Digging up Bones: A Metaphor

Dear Alpha,

You asked me to recount my story. How does one do what I do? Well… the first thing I’d like to say is that I don’t do most of it: My Dad does. Nevertheless, to try and be helpful, I will tell you what I do do, and maybe you can fill in the gaps:

Why am I even here? This desert… In fact, it’s not even a desert, it’s worse than a desert. The ground I’m on is cold and hard. Solid Rock: Pretty much useless. Maybe I’m wasting my time… I could be at home reading my books, or helping Dad. But instead – I’m out here, in this wasteland.

I shout. Maybe someone can hear me, or some-thing. Anything will do… Except rock. Rock just ignores me, and carries on being rock. Anything better than rock would do the trick. Of course, I might hope for a full-blown skeleton just sitting somewhere, but where’s the fun in that? No. Realistically: I’m looking for sand: Movable, soft sand.

Suddenly, I stop. Something’s up. I keep very still, hoping against hope that it is what I think it is. I topple over. The floor had given way. Ah! That was the happiest I’ve ever been whilst tumbling to the ground! This ground is different!

I get up slowly, then I kneel down to take a look. Not cold but warm. Not hard, but changing. I grab some, and feel it tickle through my fingers back onto the ground: Sand. No, not as fine as the sand in a time glass, but sand nevertheless: Finally Something I can work with!

Hoping against hope that the sand won’t go hard, I quickly take of my rucksack and start getting my act together. Out come the tools: The brush, the shovel and the fork. Not as shiny as they could be, but they should do. They must do.

Carefully, I begin to dust away the top layer of sand. After all, It’s not the sand that matters, but whatever I find underneath. There should be something, at least that’s what Thomas said…

Aha! I found it… A Bone? Knock on it. Yes, it’s hard. The sound it makes is beautiful. I knock on it a few more times for good measure. It’s not shifty and changing like the sand, but concrete. Unlike the sand, retains its consistency. Brilliant!

I slowly work my way along, finding bone after bone, watching them “take shape” before me. Of course, they had never really moved. They were always there, just like Thomas said, but had simply been covered by years of the irritating influences of everything else.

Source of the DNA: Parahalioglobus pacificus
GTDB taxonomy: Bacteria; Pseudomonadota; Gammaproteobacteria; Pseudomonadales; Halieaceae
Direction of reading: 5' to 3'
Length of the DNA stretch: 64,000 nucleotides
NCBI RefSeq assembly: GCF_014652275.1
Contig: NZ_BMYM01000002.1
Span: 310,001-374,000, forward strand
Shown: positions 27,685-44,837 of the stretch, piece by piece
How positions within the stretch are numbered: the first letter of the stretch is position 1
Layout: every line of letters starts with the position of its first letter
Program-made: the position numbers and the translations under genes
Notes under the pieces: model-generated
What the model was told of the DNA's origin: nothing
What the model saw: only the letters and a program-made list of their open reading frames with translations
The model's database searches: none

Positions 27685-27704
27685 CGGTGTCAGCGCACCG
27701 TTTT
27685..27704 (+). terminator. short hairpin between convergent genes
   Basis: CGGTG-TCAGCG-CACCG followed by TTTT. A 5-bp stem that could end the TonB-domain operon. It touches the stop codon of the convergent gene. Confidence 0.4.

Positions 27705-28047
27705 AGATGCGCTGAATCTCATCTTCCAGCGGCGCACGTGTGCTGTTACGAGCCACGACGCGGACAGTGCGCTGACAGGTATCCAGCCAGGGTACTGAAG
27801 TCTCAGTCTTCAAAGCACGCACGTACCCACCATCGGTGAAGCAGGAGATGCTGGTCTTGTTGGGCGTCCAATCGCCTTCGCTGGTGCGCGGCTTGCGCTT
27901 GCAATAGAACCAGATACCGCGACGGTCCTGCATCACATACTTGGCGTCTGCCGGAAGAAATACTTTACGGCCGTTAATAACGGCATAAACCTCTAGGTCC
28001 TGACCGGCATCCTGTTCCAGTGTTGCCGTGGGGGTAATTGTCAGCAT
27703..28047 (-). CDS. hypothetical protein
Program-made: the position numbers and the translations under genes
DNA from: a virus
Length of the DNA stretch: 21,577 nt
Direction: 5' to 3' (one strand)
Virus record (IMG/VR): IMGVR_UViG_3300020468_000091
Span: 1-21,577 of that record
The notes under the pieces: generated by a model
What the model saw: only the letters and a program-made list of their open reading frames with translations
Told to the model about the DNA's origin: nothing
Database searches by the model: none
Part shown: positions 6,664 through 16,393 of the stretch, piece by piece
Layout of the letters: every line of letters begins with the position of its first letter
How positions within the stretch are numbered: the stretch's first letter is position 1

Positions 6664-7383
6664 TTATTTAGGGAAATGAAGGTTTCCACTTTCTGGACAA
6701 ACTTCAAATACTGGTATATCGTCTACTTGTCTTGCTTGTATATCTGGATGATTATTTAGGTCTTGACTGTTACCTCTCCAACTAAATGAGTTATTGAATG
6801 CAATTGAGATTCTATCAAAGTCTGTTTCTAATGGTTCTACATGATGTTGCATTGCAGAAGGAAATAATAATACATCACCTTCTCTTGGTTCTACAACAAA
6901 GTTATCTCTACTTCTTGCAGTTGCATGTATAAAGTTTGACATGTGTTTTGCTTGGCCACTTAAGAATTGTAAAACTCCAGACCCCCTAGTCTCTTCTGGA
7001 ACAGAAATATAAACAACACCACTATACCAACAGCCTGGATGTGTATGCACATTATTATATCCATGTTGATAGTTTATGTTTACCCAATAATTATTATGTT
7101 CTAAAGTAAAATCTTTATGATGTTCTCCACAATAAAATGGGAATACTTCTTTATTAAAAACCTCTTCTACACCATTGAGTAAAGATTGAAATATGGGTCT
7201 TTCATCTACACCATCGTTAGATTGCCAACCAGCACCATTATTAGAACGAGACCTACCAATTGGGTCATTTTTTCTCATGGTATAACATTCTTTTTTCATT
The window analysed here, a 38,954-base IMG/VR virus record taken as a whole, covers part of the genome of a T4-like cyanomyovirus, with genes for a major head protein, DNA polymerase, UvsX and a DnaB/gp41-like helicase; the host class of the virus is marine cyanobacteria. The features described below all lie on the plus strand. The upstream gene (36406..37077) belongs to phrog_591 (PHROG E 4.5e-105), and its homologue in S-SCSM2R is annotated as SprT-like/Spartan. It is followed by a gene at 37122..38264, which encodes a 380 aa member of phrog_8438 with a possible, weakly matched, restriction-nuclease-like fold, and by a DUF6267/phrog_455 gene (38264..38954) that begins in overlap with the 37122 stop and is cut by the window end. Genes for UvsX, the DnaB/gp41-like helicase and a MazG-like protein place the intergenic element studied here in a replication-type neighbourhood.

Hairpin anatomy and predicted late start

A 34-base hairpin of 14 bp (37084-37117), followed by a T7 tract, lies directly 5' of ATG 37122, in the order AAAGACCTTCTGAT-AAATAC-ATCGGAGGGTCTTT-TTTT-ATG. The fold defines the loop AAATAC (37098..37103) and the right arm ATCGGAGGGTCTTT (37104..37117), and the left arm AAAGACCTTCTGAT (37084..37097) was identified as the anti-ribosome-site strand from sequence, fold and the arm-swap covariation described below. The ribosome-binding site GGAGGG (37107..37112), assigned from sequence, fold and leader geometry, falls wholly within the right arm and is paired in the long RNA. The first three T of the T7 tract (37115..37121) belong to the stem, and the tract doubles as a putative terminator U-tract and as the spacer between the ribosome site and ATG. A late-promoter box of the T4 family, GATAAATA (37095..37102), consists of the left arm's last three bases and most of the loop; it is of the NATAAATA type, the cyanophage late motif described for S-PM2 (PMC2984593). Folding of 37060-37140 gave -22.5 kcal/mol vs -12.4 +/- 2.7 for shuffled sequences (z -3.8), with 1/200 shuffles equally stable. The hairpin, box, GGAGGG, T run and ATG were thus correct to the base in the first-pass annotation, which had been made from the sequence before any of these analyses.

It’s starting to get dark now… I have to get home soon. I won’t be able to finish this in time. If I try working overnight, I might accidentally break something. After all, I’m tired and I think this spot might do with a rest as well.

So, I cover the bones up as best I can, put my tools away, and start off home, hoping against hope that nothing will happen to the bones while I’m gone!

I’m returning to the sand now, well rested, happily remembering yesterday’s joy upon finding bone after bone in the sand, hoping the work hasn’t gone to waste. Oh! It must have been windy last night. My cover has blown away, but there are a lot more bones visible now. Very good…

Suddenly I hear a soul-wrenching crunch. I stepped on a bone. It wasn’t supposed to be there. It must have come off during the night, however that happened. Well, it’s pretty useless now. I look to where in the skeleton it came from. There’s the empty spot. I quickly fill it in with some glue, hoping to finish the job off later.

I return, day after day. Some days it’s easy, others not so much. I know I won’t be able to finish the job, but I just want it to be mobile… So I can take it home. Eventually, after many a day digging and dusting, I manage to separate the skeleton from the ground. It’s still got big clumps of sand stuck on most of it, but they can wait. They’re holding the bones together after all!

Step by step, I roll it home. It wavers a little here and there, but I manage to keep a reasonably straight path. It’s mobile now, that’s the important thing. In a few minutes we’ll be home, and the proper work can begin.

In fact, this is where my job really stops. Once it’s home, Dad takes care of the rest. I‘m just a finder. I don’t make things, I just bring them home. And when Dad’s done with the heavy lifting, a new person stands before me. And he’s not just any old person, but a brother… a brother and a friend.

He’s not like some artifact dug up from the ground, but a person who’s been discovered. Even as a jumble of bones, he had kept the sand from going solid, letting me dig him up, even with my rough tools. He could have chosen otherwise, but he didn’t. He wanted to be free…

As you can see, I’m just one piece in the puzzle. First the bones need to be dig-able, and later my Dad does most of the work. I’m just the middle piece. But nevertheless, I sharpen my tools at night, and by day I return to the fray, hoping and looking for more…

God Bless,
An Apologist

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